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fred_55
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« Reply #32 on: Feb 4th, 2014, 2:45am »
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No highjacking, it's all relevant to plastic parts.
I did some comparison from your link. My RTV costs $90 litre,That's a bit over a quart. Engineer guy's platinum cure BC 9060 is $50 a quart. Big difference, especially when you think that the westinghouse mold took over a litre(without considering the epic fail cost)
My polyurathane is $75 a litre ($325 a gallon), engineer guy has Smooth Cast 320 for $40 a Gallon, which makes the excercise worth while on your side of the pond.  
So my finished Westinghouse is $25 for plastic, $90 for mold.
Your link would be about $3 for plastic, $50 for the mold.
Dang..
 
Meanwhile it's fill-em-up and move-em-along


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« Last Edit: Feb 4th, 2014, 2:47am by fred_55 » Logged

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« Reply #33 on: Feb 4th, 2014, 2:51am »
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And pop-em-out at 30 minute intervals.   Some of the bolt detail could be better, but I figure anybody lying down looking up at a passing wagon might not notice
I gave up on kebab-ing the interior to save material, it just wasn't worth the agro. (although one of them has a mixing stick dropped in it! doh)
Maybe the RP method is better for higher quality stuff.
Pete


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« Reply #34 on: Feb 4th, 2014, 6:47pm »
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Not much on TV tonight

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BobbyT
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Re: Making plastic train parts?
 
« Reply #35 on: Feb 4th, 2014, 7:47pm »
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WOW Pete, you keep this up and you will have to build more cars to put these on. From the photos they look like they came out real nice.

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tomc
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Re: Making plastic train parts?
 
« Reply #36 on: Feb 5th, 2014, 11:03am »
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Pete,  looks like your trials and tribulations have paid off.  Glad hands next?  Rare Earth Magnets work great to hold and let apart.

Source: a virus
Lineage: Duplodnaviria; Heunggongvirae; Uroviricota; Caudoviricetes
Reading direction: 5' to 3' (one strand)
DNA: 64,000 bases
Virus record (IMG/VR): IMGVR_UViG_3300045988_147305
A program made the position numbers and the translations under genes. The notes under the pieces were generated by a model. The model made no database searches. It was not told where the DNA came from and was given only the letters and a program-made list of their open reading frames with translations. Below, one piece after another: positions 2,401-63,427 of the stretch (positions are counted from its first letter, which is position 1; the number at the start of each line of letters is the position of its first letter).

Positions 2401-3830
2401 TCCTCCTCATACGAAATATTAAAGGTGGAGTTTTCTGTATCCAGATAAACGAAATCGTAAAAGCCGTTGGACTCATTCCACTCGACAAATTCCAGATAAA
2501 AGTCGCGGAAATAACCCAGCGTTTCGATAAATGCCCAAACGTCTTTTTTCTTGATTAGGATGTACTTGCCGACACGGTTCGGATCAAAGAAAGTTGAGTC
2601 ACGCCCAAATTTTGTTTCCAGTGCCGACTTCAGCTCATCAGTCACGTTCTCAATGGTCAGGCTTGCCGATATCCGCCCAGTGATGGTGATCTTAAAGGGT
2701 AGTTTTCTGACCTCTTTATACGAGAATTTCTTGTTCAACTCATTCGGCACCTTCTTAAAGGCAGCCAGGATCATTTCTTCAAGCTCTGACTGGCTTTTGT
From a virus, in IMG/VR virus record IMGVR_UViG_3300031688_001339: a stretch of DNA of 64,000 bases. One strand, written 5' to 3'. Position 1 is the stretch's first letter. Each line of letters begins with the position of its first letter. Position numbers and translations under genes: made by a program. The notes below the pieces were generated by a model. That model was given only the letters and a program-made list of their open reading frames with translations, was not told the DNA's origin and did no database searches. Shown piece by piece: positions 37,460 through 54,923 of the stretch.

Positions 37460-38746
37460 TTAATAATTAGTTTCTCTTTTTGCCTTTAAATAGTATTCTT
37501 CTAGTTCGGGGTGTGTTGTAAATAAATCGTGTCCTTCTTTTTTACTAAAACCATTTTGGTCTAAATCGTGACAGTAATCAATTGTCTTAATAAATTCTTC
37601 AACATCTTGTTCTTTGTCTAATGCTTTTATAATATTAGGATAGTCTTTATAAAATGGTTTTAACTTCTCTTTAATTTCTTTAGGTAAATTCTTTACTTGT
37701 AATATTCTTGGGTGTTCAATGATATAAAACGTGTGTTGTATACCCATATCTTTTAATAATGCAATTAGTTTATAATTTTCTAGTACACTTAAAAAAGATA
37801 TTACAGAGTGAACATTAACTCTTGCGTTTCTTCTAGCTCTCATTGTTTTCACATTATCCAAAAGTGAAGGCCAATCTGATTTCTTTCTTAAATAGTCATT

Tom C.


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moose_the_caboose
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Re: Making plastic train parts?
 
« Reply #37 on: Feb 7th, 2014, 8:57pm »
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on Feb 4th, 2014, 7:47pm, BobbyT wrote:       (Click here for original message)
WOW Pete, you keep this up and you will have to build more cars to put these on. From the photos they look like they came out real nice.

 
heck!  keep it up pete...i'll pay the freight on a couple!  i know a couple more guys that would love to have one or two.  just sayin'...they are looking good, when they meet your approval, let us know.
 
moose


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fred_55
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Re: Making plastic train parts?
 
« Reply #38 on: Feb 8th, 2014, 3:04am »
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on Jan 17th, 2014, 10:11pm, moose_the_caboose wrote:       (Click here for original message)

 
 
hi pete!
 
after having a day or two to think about it, all i really need is 1 (one).  for a modest fee, i can have it scanned in as a 3-d shape and then printed in one of several materials.  hi-res printing is coming down in price and there is now a handful of choices for printing materials.  once scanned, the object can be scaled to any desired size.  if this interests you, pm me and we'll work out the details to your satisfaction.  you've done the work, you'll own the file.  you've saved me a lot of work!   keep it coming, this is a wonderful project.
 
 
moose

 
Back to playing trains, eh
 
Result is good enough for me, but not good enough to sell. I don't need any more, and I have the mold, so if you want the pattern, I'll give it to you so you can RP it.  PM me with your address if you interested.
Pete


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moose_the_caboose
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Re: Making plastic train parts?
 
« Reply #39 on: Feb 8th, 2014, 5:50pm »
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on Feb 8th, 2014, 3:04am, fred_55 wrote:       (Click here for original message)

 
Back to playing trains, eh
 
Result is good enough for me, but not good enough to sell. I don't need any more, and I have the mold, so if you want the pattern, I'll give it to you so you can RP it.  PM me with your address if you interested.
Pete

 
pete, pm sent!  thanks!